Trials and Jail Time – 4:1-3, 4:7-21, 5:17-40, 6:9-7:56, 8:3
The enemy is not pleased when God receives the glory. Is your church an affront to Satan’s schemes? Are you dangerous to the forces of evil? The Bible promises us that if we are followers of Jesus, we will face opposition. If no one is opposed to how we live, are we truly following Jesus? Involvement in God’s kingdom work requires a values change. It was a values change for Peter to leave his fishing boats and become a leader in the church. It was a values change for Paul to leave his prestigious, pharisaical lifestyle and become a missionary to those whom he had persecuted. As James wrote, trials are a part of the Christian life. The disciples understood that. God brought those early believers before some of the most influential men of their time so that the reputation of Almighty God would be upheld and made known to all peoples. Would you and I be going to heaven if Paul had kept his mouth shut? Our God is bigger than our circumstances.
Punishment and Persecution – 5:40, 8:1-3
Each time this cycle begins again, the patience of the enemy grows thinner and thinner, and the retaliation grows more desperate and nasty. Floggings, stonings, and scatterings were a very real eventuality for most Christians in the first century. It brought into focus just how real their faith was. Stephen understood. He lived the full cycle in a very short time. Because he was available to God, regardless of his abilities, he assumed a practical role in the church, displayed the power of God through miracles, spoke boldly of the things of heaven, saw converts come to Christ, was put on trial for his faith, and forgave his murderers as he was stoned to death. And it is believed he endured all of this before he was twenty years old.
Martyrdom – 7:57-60
Only after Stephen’s death could we really understand the impact this event had on the Church and the cultures that surrounded it. How did it affect cloak-collecting Saul of Tarsus? We may think that dying for your faith was something that happened long ago in more frightening times, but the truth is that in the twentieth century more Christians were martyred than in all the previous centuries combined. This is the age of the persecution of the Church. Do we pray for these atrocities to stop? The deaths of God’s people do not go unnoticed by the world. That is why Jesus said to take up our cross and follow him: so the world would see and consider Christ; to make him famous.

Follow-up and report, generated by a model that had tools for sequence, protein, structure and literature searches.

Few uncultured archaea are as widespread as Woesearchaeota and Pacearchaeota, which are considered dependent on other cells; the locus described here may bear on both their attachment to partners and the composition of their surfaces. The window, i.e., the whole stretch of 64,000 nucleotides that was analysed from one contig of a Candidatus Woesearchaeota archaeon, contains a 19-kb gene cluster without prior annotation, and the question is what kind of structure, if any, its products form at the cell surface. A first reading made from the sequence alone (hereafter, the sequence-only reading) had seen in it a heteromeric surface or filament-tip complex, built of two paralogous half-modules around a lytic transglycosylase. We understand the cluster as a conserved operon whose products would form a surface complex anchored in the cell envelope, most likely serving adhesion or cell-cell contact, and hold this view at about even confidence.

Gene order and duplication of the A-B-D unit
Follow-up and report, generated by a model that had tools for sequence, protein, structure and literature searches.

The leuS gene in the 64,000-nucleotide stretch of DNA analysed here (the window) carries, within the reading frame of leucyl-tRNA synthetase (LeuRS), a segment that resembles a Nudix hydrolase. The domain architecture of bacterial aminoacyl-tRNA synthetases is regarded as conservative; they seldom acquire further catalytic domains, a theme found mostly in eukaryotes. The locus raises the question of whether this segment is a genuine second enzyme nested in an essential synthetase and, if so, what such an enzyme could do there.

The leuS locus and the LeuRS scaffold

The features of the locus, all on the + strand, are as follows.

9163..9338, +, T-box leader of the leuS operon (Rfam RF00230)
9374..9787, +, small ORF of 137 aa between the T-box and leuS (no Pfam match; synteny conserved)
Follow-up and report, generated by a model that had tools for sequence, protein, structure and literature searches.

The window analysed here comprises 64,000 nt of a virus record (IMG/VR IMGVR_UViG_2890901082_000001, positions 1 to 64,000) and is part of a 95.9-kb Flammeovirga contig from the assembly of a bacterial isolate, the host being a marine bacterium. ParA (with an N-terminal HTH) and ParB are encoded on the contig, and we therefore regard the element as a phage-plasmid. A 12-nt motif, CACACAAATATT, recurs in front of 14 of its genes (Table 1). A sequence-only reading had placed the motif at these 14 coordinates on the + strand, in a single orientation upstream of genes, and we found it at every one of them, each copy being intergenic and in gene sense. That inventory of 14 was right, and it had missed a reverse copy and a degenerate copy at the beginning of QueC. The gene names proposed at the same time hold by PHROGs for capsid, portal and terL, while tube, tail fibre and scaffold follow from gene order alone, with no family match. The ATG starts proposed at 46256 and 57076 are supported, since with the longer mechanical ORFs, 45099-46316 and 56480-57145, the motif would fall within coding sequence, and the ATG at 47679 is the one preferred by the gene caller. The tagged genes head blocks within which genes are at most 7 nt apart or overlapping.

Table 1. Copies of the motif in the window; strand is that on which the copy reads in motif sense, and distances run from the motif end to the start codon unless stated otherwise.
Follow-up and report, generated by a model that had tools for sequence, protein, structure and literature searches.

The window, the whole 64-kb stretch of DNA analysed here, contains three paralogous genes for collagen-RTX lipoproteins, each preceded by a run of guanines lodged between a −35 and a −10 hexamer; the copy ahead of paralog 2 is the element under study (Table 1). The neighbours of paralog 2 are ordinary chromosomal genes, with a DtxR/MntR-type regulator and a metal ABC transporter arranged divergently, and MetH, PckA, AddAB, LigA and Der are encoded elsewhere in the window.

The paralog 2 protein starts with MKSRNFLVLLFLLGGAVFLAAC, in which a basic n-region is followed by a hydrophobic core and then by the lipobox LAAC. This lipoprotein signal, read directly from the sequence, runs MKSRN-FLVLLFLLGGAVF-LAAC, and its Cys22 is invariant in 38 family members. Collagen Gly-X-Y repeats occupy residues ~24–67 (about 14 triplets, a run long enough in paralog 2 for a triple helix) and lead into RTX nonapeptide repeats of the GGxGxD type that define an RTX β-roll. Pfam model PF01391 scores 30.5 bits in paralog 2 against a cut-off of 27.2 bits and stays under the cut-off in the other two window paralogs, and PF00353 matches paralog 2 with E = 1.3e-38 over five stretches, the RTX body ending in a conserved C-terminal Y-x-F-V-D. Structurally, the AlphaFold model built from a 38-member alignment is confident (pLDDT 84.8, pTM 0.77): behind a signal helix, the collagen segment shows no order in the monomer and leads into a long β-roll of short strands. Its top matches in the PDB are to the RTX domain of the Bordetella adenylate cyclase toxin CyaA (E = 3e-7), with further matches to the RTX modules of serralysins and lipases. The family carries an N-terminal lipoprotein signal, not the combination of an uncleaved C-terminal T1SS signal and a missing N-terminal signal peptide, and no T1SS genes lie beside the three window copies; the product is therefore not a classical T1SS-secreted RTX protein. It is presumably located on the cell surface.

Rejoicing – 4:23-31, 5:41-42
Where did the disciples get such a seemingly backward attitude in the midst of such trouble? After honoring several Old Testament saints for their endurance despite their circumstances, Hebrews 12:1-2 says:
“Therefore, since we are surrounded by such a great cloud of witnesses, let us throw off everything that hinders and the sin that so easily entangles, and let us run with perseverance the race marked out for us. Let us fix our eyes on Jesus, the author and perfecter of our faith, who for the joy set before him endured the cross, scorning its shame, and sat down at the right hand of the throne of God.” (NIV)
Questions for Further Thought
1. How does the Church of today resemble the Church of the first century? Do you see evidence of this cycle in your church? Why or why not?
2. Why didn’t the Lord, at the moment of our salvation, take each one of us to heaven to be with him?
3. How did the early Church relate to the culture it found itself in and vice versa? How should the Church today relate to our present culture?
4. Consider this statement: The increase in people joining the church is a natural result of the spiritual state of the Church.
5. How do we promote Christ in our daily lives? What are some reasons we may not?
Questions? Problems? Submissions? Contact publisher/managing editor Marti Smith.